This leads us to the third kind of love which the Greeks distinguished by the word Éros, meaning sexual passion. Plato thought that although Éros is initially felt for a person, it can develop into an appreciation of the beauty within that person, or even an appreciation of beauty as an abstract principle in its own right. In this way, what we may call a 'lower' kind of love can evolve into a higher kind. Of course, the reverse is true too and history affords us many examples of notable men and women who have 'fallen' from unconditional affection or Philía to the basest kind of passion, or 'sex addiction' as we now call it! Today we use the word 'Platonic' to define love without physical attraction. But the word is something of a misnomer unless we qualify it with the adjective 'sexual'. All love has some physical component. We simply cannot escape this fundamental limitation so long as we dwell in a material body.

When we turn to ancient India, lo and behold, we find that Sanskrit too, has three words for love, namely, Kama, Bhakti and Maitri, the first two of which may be familiar to some readers. Kama, of course, is the prefix to the well-known Indian treatise on sexual love known as the Kama-Sutra. This at once gives us its meaning: the love of sensual things, sensory desire, especially sexual desire. Kama should be pronounced 'kaymah' by the way, and is not to be conflated with 'Karma', which is something else entirely.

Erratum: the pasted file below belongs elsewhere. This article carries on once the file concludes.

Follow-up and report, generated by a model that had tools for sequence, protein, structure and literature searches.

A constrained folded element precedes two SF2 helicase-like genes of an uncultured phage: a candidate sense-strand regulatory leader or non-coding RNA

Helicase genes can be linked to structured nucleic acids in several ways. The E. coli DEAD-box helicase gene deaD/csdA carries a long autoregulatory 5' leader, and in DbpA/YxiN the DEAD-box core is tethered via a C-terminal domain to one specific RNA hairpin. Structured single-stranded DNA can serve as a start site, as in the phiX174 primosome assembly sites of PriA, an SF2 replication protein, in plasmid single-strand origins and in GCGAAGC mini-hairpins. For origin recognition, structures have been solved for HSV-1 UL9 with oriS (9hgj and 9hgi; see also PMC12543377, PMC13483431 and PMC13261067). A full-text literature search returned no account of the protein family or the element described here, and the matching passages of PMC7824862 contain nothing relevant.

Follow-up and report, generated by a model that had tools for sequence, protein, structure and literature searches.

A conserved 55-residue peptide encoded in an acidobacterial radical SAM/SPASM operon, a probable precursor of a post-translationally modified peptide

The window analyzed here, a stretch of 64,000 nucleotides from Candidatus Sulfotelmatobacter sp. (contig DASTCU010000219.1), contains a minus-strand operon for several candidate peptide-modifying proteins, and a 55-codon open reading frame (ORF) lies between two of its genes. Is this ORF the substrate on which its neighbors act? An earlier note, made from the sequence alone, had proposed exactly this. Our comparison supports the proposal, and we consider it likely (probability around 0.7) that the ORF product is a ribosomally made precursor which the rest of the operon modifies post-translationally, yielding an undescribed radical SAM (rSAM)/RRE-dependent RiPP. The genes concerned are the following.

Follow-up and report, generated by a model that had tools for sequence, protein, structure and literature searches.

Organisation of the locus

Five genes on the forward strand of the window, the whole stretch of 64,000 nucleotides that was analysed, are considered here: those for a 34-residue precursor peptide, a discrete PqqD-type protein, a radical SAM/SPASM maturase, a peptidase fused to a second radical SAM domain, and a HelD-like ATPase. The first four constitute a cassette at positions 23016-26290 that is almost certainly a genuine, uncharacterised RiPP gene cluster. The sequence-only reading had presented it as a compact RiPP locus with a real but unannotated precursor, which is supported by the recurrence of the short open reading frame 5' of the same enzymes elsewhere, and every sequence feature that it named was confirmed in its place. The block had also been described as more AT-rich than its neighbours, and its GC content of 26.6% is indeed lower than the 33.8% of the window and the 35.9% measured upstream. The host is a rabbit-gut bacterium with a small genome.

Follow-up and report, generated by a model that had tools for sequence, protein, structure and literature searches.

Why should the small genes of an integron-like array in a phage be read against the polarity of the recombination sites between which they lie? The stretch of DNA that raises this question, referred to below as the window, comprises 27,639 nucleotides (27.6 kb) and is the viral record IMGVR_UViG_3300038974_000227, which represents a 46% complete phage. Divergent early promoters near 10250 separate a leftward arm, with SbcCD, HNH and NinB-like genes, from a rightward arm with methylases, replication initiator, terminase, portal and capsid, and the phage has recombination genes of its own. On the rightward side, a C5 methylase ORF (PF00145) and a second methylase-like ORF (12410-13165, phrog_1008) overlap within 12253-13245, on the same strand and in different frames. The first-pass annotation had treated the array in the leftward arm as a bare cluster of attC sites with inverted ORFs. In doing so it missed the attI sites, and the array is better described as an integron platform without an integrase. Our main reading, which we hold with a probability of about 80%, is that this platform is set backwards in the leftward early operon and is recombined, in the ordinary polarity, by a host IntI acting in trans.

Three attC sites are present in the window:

Bhakti literally means attachment, participation, fondness for, homage, faith, love, devotion, worship, purity and the like. It was originally used in Hinduism to define the devotee's selfless love for God. In ancient texts such as the Shvetashvatara Upanishad, the term simply means participation, devotion and love for any endeavour, while in the Bhagavad Gita it connotes one of the possible spiritual paths towards Moksha, or liberation from rebirth, commonly known as Bhakti Yoga. Maitri means benevolence, loving-kindness, friendliness, amity, good will, and charity towards all. So we may say that roughly speaking, Kama corresponds to Éros, Bhakti to Philía and Maitri to Agápe.